Friday, June 17, 2016

Two Stories

Many years ago Jana and I decided to visit historic Southwest trading posts with Kira and Grange, have them research and write a summary of each enterprise, and publish their thoughts. We felt it would be a good introduction into their ancestry, teach them better sentence structure and grammar, and help them understand how we make our living. Trading comes to them from both sides of this marriage, and one can never write too well, so it seemed an interesting project for them and us. That, however, like numerous other proposed adventures, was put aside and eventually abandoned. English literature, Boy Scout badges, chemistry, cross country races, mathematics, wrestling tournaments, biology, tennis matches, anatomy, standardized testing and the myriad other things young people do during their adolescence became more pressing.

It would not, however, be fair to say Kira and Grange never learned their heritage. Since Jana is proud of what her family has accomplished she regularly tutors the kids on those achievements. For my part, I have generally tried to bury the numerous misfires, misappropriations and misdemeanors associated with the Simpson clan. Some stories are better left untold, so after a time I concluded silence was the best path. Kira and Grange eventually came to understand I maintain a "don’t ask, don’t tell" policy when it comes to my side of the family and we all coexist in blissful ignorance.

Before discarding the historic trading post idea altogether, Jana, Kira, Grange and I visited one called Two Story, which was located near St. Michaels, Arizona. The title, as one might guess, results from the nature of its structure. Apparently not much has been recorded about this particular location, because the many books in Barry’s library only mention its name, not its history. Perhaps the operation came and went quickly because it was not notable for any specific process, incident, or event. Whatever the case, the business apparently became irrelevant at some point and was consigned to the circular file of the past.

As I recently considered the demise of Two Story Trading Post, a woman walked into the store, greeted me warmly and said, “Hi, who wrote that story about the guy and his dog?” “Barry,” I replied, pointing in the direction of his office. He was, as usual, banging away at the keyboard, tapping out the next installment. “Oh, that was funny” she said, “do you write as well?” “Yes,” I answered, acting disaffected, “every other week.” On a regular basis people stop us on the street or come into the trading post to comment on the musings, and it is always interesting to hear what stories resonate with them. Over the past several months we have had number of people ask the question I have come to dread. “Who wrote the story about . . . the Jester?” “Barry.” “Oh, who wrote the one about the . . . ugly dog?” “Barry.” “You know, my favorite is from years ago, about . . . a large pitch pot. Who wrote that?" “Barry.”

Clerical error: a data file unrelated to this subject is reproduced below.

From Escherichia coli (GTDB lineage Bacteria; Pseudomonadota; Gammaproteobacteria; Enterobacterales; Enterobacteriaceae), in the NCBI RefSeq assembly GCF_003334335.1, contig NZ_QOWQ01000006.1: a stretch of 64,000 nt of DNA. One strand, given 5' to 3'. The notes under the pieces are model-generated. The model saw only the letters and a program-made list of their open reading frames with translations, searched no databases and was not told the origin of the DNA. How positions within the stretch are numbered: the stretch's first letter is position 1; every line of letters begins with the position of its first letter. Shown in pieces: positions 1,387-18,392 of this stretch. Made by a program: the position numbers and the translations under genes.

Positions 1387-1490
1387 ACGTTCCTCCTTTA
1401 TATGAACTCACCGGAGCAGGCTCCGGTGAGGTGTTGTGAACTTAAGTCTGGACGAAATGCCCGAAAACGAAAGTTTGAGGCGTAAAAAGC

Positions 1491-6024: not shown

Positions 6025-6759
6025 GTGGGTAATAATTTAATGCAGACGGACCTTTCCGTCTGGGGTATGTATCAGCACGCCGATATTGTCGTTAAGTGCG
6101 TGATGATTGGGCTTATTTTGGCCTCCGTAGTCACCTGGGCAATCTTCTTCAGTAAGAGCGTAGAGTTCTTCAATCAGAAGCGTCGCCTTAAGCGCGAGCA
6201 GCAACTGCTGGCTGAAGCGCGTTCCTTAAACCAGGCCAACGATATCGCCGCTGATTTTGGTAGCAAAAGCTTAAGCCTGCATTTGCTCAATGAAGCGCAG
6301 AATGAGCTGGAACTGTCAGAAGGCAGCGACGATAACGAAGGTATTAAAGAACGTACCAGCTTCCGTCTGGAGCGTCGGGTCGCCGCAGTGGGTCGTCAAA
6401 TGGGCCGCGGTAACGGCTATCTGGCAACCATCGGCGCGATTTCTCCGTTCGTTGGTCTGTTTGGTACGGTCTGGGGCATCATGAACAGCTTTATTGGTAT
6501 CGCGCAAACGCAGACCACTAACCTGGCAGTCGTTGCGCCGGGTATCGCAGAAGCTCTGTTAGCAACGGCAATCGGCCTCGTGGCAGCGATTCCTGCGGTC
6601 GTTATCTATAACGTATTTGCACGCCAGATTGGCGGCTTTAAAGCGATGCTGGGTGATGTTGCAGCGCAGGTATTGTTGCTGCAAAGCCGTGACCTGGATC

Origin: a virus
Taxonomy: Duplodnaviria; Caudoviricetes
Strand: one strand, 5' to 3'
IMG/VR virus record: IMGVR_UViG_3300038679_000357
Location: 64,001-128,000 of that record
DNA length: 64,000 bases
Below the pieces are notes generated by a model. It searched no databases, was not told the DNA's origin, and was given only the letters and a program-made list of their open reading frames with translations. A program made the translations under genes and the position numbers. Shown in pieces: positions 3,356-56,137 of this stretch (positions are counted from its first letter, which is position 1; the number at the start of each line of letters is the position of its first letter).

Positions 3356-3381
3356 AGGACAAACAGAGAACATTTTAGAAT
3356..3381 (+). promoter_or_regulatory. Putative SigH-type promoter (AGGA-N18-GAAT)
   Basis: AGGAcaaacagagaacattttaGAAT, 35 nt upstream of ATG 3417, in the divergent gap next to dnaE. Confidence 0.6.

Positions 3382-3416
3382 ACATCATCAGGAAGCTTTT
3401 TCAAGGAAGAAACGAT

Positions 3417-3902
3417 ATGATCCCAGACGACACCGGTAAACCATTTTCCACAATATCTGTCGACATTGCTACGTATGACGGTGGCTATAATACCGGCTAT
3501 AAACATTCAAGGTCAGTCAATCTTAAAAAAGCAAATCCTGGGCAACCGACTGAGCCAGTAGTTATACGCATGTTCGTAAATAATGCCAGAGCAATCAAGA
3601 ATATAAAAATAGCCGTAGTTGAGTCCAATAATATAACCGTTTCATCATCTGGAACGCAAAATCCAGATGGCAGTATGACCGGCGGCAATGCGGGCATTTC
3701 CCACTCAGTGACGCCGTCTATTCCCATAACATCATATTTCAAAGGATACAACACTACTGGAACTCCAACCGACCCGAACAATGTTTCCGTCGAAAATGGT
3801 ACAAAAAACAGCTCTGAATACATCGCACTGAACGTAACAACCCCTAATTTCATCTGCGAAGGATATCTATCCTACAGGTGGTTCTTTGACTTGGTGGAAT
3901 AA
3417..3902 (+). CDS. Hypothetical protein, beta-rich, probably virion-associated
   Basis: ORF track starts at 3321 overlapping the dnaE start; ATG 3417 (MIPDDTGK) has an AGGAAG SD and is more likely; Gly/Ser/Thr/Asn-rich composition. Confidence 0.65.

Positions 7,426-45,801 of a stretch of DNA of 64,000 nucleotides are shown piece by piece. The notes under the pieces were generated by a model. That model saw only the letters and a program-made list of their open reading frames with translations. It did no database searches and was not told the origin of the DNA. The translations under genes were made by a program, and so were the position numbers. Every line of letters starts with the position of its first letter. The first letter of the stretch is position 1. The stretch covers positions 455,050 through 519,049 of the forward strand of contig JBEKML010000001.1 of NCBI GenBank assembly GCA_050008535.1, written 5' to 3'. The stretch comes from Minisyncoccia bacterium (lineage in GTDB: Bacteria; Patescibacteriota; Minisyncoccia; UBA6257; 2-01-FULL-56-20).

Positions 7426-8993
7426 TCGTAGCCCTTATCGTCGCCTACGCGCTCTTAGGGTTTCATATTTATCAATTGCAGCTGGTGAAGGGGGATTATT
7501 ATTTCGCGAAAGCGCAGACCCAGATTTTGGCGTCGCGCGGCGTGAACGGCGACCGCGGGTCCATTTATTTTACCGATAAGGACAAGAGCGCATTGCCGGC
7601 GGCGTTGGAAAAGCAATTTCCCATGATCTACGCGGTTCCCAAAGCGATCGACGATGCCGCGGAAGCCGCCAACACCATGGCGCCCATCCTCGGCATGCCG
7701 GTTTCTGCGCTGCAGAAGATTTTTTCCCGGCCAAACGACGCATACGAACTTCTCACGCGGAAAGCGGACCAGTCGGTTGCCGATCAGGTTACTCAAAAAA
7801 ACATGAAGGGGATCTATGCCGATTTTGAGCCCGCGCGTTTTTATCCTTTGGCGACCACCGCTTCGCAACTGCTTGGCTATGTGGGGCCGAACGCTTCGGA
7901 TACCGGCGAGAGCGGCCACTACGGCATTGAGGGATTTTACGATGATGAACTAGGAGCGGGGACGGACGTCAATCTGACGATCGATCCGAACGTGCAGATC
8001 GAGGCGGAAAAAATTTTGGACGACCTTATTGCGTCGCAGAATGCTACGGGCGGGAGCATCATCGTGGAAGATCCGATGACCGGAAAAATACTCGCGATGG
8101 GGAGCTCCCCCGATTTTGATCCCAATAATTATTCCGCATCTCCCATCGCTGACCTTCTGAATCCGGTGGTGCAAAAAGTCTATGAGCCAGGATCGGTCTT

Steve & Barry Simpson

A few years ago Father Ian, the then recently retired Episcopal priest of St. Christopher’s Mission emailed a request to use a few of our stories in his autobiography. As is our habit, we readily consented. “Sure, use whatever you want,” we told him. We have always been fond of Ian and were flattered to be included in his personal narrative. When we were young we spent a lot of time at the mission, so we also have an affinity for the place. When our personal copy of the book arrived, I snatched it up and began reading chapter-by-chapter, eager to know which stories had been selected. Having reached the climax, I found there was not a single sentence of mine in the book, not even one. Instead, there was Barry’s description of our southern Utah landscape, Barry’s thoughts on one of his winter walkabouts, Barry’s memories of . . . well, you get the picture. Musta’ been an oversight I concluded and put the text aside, grudgingly acknowledging the selected stories were actually pretty good and fit well into the story Ian was telling.

Like Two Story Trading, Twin Rocks also has two stories, some are physical and some are emotional. Barry and I have decided Twin Rocks is a great stew of people mixed together to form a delicious feast, and since he and I have diverse views on many topics, we end up telling widely differing tales of our daily life here at the post. As a result of all the recent attention, Barry has begun advocating for a book featuring all the best Tied to the Post stories. While I think it is an interesting idea, I have begun to worry what might go into that book and whether my history, like that of Two Story, might end up in the circular file. Hoping to ensure that will not happen, I have retained an agent and am considering writing a story about a funny man with an ugly dog who wandered into the trading post to buy a pitch pot. If that doesn’t get them talking, nothing will.

With warm regards from Steve Simpson and the team:
Barry, Priscilla and Danny.

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